One of our most successful offers this year focused on the wines of Piaggia, a Tuscan estate based in the commune of Poggio a Caiano within the Carmignano DOCG, about 14 kilometres west of Florence. That offer focused on their outstanding Cabernet Franc as well as the Carmignano Riserva; the latter sold out in a matter of hours, and well it should, as these are truly breathtaking wines.
I am pleased to offer their entry level Carmignano today, which left everyone impressed when we tasted it as a team a few weeks back. All the Piaggia wines are a joy to taste even at a young stage, and reveal an easily won ripeness allied to a terrific freshness, clarity, and purity. Such a sense of poise is not easily achieved; it is down to a combination of factors, such as the vineyard site itself, the viticultural practices employed, and the winemaking decisions taken. Above all, it is down to a fanatical focus on quality.
Carmignano, despite being historically recognised for the quality of its wines, is a very small DOCG, or appellation, covering around 110 hectares today. To place that into context, the entire DOCG is about the size of the vineyard mass of Château Lafite-Rothschild, with the crucial difference being that it is shared between some 20 or so producers. The Apennines exert a significant influence here; there is a wide range in daily temperatures that assist in retaining freshness and aromatics, and the soils consist of limestone and are well-drained. Along with the indigenous Sangiovese, the Cabernets, Franc and Sauvignon, play a role in many of the wines in Carmignano, but these are no recent additions to the rollcall of varieties grown here – Catherine de’ Medici is said to have brought the varieties to the hills of Carmignano in the 16th century when she became queen of France.
In Eric Guido’s review on vinous.com, I read with interest that the Vannuccis have their eyes set on expansion as they believe there are many undiscovered terroirs in Carmignano that are yet to be cultivated. Eric comments that ‘Some locations, just a stone's throw away from each other, would reveal drastically different soil types, from sandy clay to Galestro or layers of primary rock mixed with quartz.’ He goes on to add, ‘At this time, the vineyard totals stand at 22 hectares; yet, even as they grow, the quality here remains amazingly high. In fact, while many other wineries in Carmignano are starting to shine internationally, Piaggia remains its benchmark producer. With a focus on fruit and terroir, Silvia Vannucci continues to dial back on the use of new oak, and the wines really light up the palate as a result. However, oak is used throughout the portfolio as an accent more than an ingredient.’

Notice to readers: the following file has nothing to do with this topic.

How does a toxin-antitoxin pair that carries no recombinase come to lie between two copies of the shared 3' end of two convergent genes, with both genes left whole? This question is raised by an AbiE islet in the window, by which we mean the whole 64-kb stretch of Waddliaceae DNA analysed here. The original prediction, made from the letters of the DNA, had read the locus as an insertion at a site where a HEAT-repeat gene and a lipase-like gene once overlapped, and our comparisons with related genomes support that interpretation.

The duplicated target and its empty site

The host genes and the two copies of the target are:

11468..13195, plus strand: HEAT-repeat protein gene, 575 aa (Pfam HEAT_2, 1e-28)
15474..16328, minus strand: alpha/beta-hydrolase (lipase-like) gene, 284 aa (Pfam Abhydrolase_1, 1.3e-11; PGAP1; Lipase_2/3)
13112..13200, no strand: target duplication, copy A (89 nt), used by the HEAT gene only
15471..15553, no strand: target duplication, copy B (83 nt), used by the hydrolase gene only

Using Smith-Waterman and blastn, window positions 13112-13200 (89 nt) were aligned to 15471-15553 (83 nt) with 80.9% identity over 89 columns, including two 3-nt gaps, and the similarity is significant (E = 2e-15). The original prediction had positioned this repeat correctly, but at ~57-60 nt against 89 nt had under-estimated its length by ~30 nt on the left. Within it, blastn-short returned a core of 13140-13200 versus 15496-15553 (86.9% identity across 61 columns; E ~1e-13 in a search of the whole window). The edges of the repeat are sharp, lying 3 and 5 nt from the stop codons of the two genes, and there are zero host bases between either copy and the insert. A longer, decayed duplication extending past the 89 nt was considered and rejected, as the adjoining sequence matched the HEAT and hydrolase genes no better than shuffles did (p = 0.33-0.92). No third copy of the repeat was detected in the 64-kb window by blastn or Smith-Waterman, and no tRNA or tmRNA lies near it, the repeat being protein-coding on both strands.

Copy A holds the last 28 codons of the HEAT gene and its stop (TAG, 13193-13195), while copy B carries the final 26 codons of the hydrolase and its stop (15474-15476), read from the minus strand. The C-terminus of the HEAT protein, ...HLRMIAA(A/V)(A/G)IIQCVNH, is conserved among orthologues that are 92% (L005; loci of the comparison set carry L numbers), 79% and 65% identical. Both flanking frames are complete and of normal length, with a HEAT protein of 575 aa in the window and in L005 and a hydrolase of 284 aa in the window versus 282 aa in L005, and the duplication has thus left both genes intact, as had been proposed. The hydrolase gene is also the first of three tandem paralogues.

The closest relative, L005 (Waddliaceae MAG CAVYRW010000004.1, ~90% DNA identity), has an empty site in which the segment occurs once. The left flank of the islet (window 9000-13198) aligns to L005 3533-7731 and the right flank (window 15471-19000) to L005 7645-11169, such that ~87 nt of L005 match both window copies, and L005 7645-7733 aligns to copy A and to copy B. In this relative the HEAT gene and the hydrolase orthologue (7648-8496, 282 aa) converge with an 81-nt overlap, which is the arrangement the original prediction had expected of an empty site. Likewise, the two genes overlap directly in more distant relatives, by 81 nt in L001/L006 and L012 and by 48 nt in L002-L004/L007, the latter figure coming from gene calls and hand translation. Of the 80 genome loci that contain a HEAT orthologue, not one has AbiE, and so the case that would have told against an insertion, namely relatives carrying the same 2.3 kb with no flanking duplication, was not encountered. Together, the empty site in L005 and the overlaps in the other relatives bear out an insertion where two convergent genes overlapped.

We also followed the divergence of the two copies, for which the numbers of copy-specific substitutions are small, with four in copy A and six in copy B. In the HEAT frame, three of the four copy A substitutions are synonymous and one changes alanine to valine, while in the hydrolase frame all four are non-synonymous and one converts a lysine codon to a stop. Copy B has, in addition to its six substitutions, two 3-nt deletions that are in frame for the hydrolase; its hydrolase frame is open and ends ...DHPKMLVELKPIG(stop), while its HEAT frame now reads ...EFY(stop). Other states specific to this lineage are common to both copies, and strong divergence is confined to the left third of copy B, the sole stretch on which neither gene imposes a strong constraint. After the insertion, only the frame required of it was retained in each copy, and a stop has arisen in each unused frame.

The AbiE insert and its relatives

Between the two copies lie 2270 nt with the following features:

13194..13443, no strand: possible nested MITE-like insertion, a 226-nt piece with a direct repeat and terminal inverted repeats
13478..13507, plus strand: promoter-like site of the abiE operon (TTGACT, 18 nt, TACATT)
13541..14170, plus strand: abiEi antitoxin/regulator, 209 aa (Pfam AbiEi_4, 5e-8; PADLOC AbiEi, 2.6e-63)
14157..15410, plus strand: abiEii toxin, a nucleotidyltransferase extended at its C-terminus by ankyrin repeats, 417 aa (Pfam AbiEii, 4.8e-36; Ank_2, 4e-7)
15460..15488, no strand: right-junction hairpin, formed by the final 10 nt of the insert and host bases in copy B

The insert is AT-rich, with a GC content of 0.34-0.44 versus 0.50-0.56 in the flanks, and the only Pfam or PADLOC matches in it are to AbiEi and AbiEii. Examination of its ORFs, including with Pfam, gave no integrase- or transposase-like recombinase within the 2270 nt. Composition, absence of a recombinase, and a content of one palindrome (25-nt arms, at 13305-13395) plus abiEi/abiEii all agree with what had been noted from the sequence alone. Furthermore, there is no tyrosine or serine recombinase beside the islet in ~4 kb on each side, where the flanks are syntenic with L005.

And if you missed the previous offer, we have a handful of cases of the Cabernet Franc remaining:
2020 Cabernet Franc, Poggio de’ Colli, Piaggia
£348 per 6 bottle case including duty and VAT.
A pure Cabernet Franc produced from old French clones on the Poggio de’ Colli vineyard. Only fruit from the best plots is selected.
The Poggio de' Colli is breath-taking – I scribbled in my note that it is the kind of wine that the team at Pomerol’s Château Lafleur would appreciate, the quality of the Cabernet Franc is stunning. This shows deep in the glass, ripe berry fruits, red and dark, with a certain savoury note and subtle background toastiness on the nose. So pure and focused, with beautifully detailed tannins, ripe and fine. This is an incredibly refined Cabernet Franc – nothing forced, no heavy overlay of oak, just super subtle framing. There is a note of sweet spice and a mineral note that punctuates the finish. So easy to appreciate now, but this gets better and better in the glass. So impressive – that freshness and purity is utterly mesmerising. An exercise in refinement with a deep core of fruit and no lack of richness. This is special. Drink 2025 to 2035 (SL)
97 points, Eric Guido, vinous.com
The darkly alluring 2020 Cabernet Franc Poggio de' Colli takes its time in the glass, slowly awakening with a dusty mix of red currants, pepper-tinged rose, exotic curries and the slightest touch of animal musk that adds gravitas. This is velvety smooth yet finessed. It's cool-toned in feel with a potent wave of tart raspberry fruits that saturates the palate with savory spice and mineral tones. It leaves a coating of fine tannins and a staining of berry concentration through the finale, tapering off sapid and long, yet perfectly balanced. What a radiant vintage for the Poggio de' Colli, Piaggia's varietal Cabernet Franc. Revisit it in five years to see some real sparks fly. Drink 2026-2034.
Please let us know of your interest at your earliest convenience to avoid disappointment as stocks are unsurprisingly limited.
All the best,